Author Archives: Peter Leithart

Hymn of the Justified

Romans 8:31-39 is better sung than commented upon. It’s a thrilling, ecstatic hymn of boisterous assurance that God’s purposes will be accomplished. Yet, I will attempt to comment on them. If we sing Paul’s hymn, let’s make sure we sing with understanding. Given the character of these verses, it’s easy and understandable that they, like […]

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The Tragedy of Asa

King Asa of Judah made a strong start, purging the land of idols, altars, and images, and winning a war against the ginormous Cushite army led by Zerach. It all unraveled in his final years. From his thirty-fifth year to the forty-first year, when his reign came to an end,  Asa was plagued by war and eventually suffering from […]

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Justified by the King

What appears to be Paul’s first recorded statement on justification comes in Acts 13, in a sermon at Pisidian Antioch. It’s can serve as a summary of Paul’s letter to the Romans, and throws some important light on the themes of that letter. Paul begins his sermon  with a quick survey of Israel’s history. Addressed […]

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Attaining Unity: A Reply to Mike Allen

Mike Allen of Reformed Theological Seminary, Orlando, scores some points in his review of The End of Protestantism. He lodges the fair complaint that my rhetoric sometimes outruns my evidence. He argues that more stress on the present reality of the church’s unity deepens the tragedy of division; divisions in the church “straightforwardly oppose reality.” […]

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Comic Trinity

I begin with two observations. First, on any millennial view, the Christian account of history is progressive, moving from the garden to the city. It is eschatological not only in that there is an end, but that the end is a glorified beginning, not merely a return to origins. To say the same in other […]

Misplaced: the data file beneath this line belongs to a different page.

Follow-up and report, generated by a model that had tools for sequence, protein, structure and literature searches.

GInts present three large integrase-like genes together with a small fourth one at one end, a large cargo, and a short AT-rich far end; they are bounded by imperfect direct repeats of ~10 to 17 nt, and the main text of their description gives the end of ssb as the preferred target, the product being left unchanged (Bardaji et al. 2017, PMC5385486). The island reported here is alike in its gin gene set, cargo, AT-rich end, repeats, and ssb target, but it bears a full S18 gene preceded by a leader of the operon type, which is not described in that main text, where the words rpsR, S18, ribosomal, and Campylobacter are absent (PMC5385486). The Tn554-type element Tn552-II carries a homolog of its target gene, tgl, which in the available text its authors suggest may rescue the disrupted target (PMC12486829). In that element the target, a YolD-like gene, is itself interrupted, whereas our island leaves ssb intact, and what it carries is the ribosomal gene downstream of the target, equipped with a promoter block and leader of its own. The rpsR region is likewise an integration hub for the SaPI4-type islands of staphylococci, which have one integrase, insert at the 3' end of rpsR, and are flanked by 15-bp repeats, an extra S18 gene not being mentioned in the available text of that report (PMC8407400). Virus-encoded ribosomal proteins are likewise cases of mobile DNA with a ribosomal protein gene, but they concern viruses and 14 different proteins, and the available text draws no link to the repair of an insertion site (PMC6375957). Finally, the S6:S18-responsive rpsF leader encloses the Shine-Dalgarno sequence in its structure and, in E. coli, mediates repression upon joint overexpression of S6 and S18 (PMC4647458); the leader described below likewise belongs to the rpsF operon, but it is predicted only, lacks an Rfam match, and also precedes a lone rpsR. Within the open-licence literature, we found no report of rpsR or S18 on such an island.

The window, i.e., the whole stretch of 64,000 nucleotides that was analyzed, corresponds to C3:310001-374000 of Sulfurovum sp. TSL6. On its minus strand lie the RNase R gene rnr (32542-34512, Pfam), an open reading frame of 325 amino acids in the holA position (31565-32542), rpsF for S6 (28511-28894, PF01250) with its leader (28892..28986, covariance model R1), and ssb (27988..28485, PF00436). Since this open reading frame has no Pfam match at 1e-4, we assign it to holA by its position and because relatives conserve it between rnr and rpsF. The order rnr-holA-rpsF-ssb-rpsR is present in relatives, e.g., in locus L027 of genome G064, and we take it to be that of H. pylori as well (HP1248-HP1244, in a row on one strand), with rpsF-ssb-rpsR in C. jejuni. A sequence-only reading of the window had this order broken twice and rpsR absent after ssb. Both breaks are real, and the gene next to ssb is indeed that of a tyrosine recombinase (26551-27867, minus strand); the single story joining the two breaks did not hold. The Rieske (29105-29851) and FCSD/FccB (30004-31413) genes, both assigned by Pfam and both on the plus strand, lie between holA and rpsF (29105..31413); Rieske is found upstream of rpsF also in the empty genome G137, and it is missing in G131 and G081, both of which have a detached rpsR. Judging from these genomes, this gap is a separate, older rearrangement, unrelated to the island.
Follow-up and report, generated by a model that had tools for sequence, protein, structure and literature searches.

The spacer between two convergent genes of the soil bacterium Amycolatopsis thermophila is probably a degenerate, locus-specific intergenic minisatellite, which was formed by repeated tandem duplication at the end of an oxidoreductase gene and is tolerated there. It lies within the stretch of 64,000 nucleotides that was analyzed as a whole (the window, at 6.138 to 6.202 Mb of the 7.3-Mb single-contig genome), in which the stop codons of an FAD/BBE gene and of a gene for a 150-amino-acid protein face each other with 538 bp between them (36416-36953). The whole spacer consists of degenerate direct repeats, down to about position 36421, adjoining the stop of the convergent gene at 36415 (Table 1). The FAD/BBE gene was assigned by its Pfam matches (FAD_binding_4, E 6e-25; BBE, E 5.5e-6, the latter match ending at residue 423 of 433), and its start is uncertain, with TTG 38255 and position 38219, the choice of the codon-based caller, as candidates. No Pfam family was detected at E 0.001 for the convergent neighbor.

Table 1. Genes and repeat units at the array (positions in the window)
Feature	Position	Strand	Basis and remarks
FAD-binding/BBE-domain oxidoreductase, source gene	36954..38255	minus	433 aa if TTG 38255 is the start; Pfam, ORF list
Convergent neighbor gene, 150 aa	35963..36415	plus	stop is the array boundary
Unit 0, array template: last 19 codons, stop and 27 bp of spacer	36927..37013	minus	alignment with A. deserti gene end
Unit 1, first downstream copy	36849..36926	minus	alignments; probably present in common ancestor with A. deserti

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Political Church

The church is a new form of polity that erupts into the world as much as the Son of God comes into the world. It’s a real-world political alternative to the polities of the ancient world. It resolves many of the political dilemmas of the ancient world, though not simply by splitting the difference. The […]

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Obedience of Rulers

One of the most extensive and penetrating responses to the Yoder-Hauerwas attack on Constantiniansm is found in Oliver O’Donovan’s Desire of Nations, in a chapter entitled “The Obedience of Rulers.” O’Donovan defines the word “Christendom” as “a historical idea,” specifically “the idea of a professedly Christian secular political order, and the history of that idea in […]

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Church on the Cross

Life, Eugen Rosenstock-Huessy says, is suffering, battle, pain, shock, failure, elation. Human beings are always torn, always riven. Much of human life, individually and col­lectively, is an effort to deal with suffering and death. By being the first Man, Jesus establishes the possibility of a different stance toward suffering and death. Life after the cross, […]

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